Comfort Classics: Greg Woolf

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The world is in a state of upheaval at the moment, and we’re all looking for things to make us feel less anxious. Maybe Classics can help.

 

 

Today’s interview is with Greg Woolf

 

 

 

Is there a source from the ancient world that you find yourself coming back to when you want to feel better?

 

I don’t find many classical texts comforting. Intriguing, entertaining, provocative maybe. But I don’t think I have much in common with the people who wrote them, or those they expected to read them. I think people like me eavesdrop on the past. Do private eyes find comfort in their tapes?

But I do have many favourites, and one of them is Juvenal.

 

 

 

When did you first come across Juvenal?

 

In my second term at university I asked if I could study Horace’s Satires. My teacher grimaced and suggested the topic ‘Are Horace’s Satires as trivial and pointless as they seem?’ We compromised on Juvenal, and I never looked back.

 

 

 

 

Can you tell me a bit about Juvenal and his context?

 

Juvenal wrote in the comfy first decades of the second century CE, and his satires are mostly set in and around the city of Rome. He was a contemporary of Martial and Pliny and Tacitus but he is quite unlike them (perhaps a bit like the more fun bits of Tacitus). Satire was an old genre of poetry in Rome, had been invented two hundred years before by Lucilius. The fragments of his poems that survive show his satire was rude, political, personal and contemporary – a sort of anti-epic even though it was written in hexameters, the metre of epic. Since then other poets – including Horace – had made it more gentle, calm, witty. Juvenal made satire angry again.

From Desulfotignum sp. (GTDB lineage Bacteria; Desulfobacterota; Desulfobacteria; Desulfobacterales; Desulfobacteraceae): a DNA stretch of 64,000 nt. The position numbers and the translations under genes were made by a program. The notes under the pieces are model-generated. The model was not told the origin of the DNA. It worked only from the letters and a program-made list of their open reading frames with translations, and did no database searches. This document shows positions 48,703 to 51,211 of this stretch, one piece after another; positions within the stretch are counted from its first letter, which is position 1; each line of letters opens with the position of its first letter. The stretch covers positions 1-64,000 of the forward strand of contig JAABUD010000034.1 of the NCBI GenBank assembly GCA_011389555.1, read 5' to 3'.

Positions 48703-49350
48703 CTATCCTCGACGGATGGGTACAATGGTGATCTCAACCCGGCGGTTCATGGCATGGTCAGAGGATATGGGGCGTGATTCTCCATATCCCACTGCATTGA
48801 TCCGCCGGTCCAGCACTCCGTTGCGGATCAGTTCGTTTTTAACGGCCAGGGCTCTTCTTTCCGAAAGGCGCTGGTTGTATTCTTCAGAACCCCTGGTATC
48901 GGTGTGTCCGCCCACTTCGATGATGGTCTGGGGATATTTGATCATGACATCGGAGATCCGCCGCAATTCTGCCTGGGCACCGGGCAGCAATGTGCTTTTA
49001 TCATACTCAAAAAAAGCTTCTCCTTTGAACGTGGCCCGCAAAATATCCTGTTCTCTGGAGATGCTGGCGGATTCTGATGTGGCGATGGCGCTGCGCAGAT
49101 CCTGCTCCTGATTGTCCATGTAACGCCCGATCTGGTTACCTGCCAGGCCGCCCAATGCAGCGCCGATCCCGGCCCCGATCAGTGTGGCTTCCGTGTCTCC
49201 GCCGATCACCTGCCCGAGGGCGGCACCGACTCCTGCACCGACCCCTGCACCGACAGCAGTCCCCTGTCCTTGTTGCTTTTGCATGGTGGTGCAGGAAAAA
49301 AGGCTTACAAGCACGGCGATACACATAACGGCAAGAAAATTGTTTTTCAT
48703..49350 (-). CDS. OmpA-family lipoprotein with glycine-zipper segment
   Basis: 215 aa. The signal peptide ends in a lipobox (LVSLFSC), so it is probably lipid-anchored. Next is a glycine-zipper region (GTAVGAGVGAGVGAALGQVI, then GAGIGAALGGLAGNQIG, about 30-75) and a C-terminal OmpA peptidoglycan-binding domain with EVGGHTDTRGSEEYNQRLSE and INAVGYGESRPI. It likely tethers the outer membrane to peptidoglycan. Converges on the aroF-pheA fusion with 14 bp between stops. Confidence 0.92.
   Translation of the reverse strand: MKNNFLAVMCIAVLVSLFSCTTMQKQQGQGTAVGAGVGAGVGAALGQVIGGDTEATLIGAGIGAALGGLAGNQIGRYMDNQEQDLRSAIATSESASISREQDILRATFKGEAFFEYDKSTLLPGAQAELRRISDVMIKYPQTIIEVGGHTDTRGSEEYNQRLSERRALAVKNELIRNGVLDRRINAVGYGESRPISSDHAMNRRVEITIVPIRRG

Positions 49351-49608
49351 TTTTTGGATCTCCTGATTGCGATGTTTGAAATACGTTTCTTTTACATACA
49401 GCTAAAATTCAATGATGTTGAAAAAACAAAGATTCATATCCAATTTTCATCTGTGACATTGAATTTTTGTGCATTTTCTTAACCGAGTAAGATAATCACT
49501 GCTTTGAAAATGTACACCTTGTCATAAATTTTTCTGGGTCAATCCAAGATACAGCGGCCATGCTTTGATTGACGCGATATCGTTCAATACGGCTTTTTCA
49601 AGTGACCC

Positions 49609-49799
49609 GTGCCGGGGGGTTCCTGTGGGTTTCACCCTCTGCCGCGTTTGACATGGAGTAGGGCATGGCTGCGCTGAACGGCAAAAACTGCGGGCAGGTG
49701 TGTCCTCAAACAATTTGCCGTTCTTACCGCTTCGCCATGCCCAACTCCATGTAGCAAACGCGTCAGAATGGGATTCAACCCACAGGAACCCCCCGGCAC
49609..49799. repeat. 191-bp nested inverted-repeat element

What is it about Juvenal that appeals to you most?

 

Like Tacitus and most Latin authors of the principate Juvenal was trained in oratory. The oppressive politics of empire didn’t allow many spaces for the kind of ferocious attacks Cicero used against enemies like Clodius and Antony. I love the way Juvenal harnesses the power of oratory to make savage attacks on Roman society, especially the hypocrisy of the wealthy, the pomposity of the wellborn, the feebleness of poets, the cowardice of those close to the emperor. He packs a lot into each verse too.

I don’t always share the opinions expressed. The attack on aristocratic women behaving badly in Satire 6 is quite strong stuff. But I love the energy and sustained fury with which his spokespeople launch their attack. He rarely speaks in his own person and in fact we know almost nothing for sure about him. Juvenal’s satires repay close reading too, which is one of the things that make them so much fun to re-read again and again. There have been many imitations too. I love Samuel Johnson’s London,  an attack on the city that makes good use of Juvenal’s third satire on Rome.

 

 

 

And finally… what do you do, outside of Classics, to cheer yourself up?

 

Bruce Springsteen and Elvis Costello LOUD. Reading detective fiction, Ian Rankin a special favourite. Watching science fiction on Netflix and reading Marvel Comics. When things are dark, a long walk, ideally by the sea. But I am lucky that I am not usually down for long, and usually remember life is a roller-coaster and that what goes down goes up.

 

 

 

“At the moment I am Director of the Institute of Classical Studies in London which is an amazing place to work as there is always something going on, new visitors arriving and all the excitement of the capital (so I agree with Samuel Johnson on something else). But I like to move about. I have studied and taught in Oxford and Cambridge, and for nearly twenty years in Scotland where I still have a home. I am about to move again, after Christmas, to Los Angeles and looking forward to that.

As for classical interests I am a sort of hybrid classicist-historian-archaeologist and I have very broad interests. One of the great things about Classics is that this has always been easy to do. I have worked on Roman identity in the provinces, on ancient libraries, on Iron Age hillforts, Roman religion and the assassination of Caesar. I have a new book coming out in a few months called The Life and Death of Ancient Cities. A Natural History which gave me a chance to learn a lot about evolution.”

 

 

Greg

 


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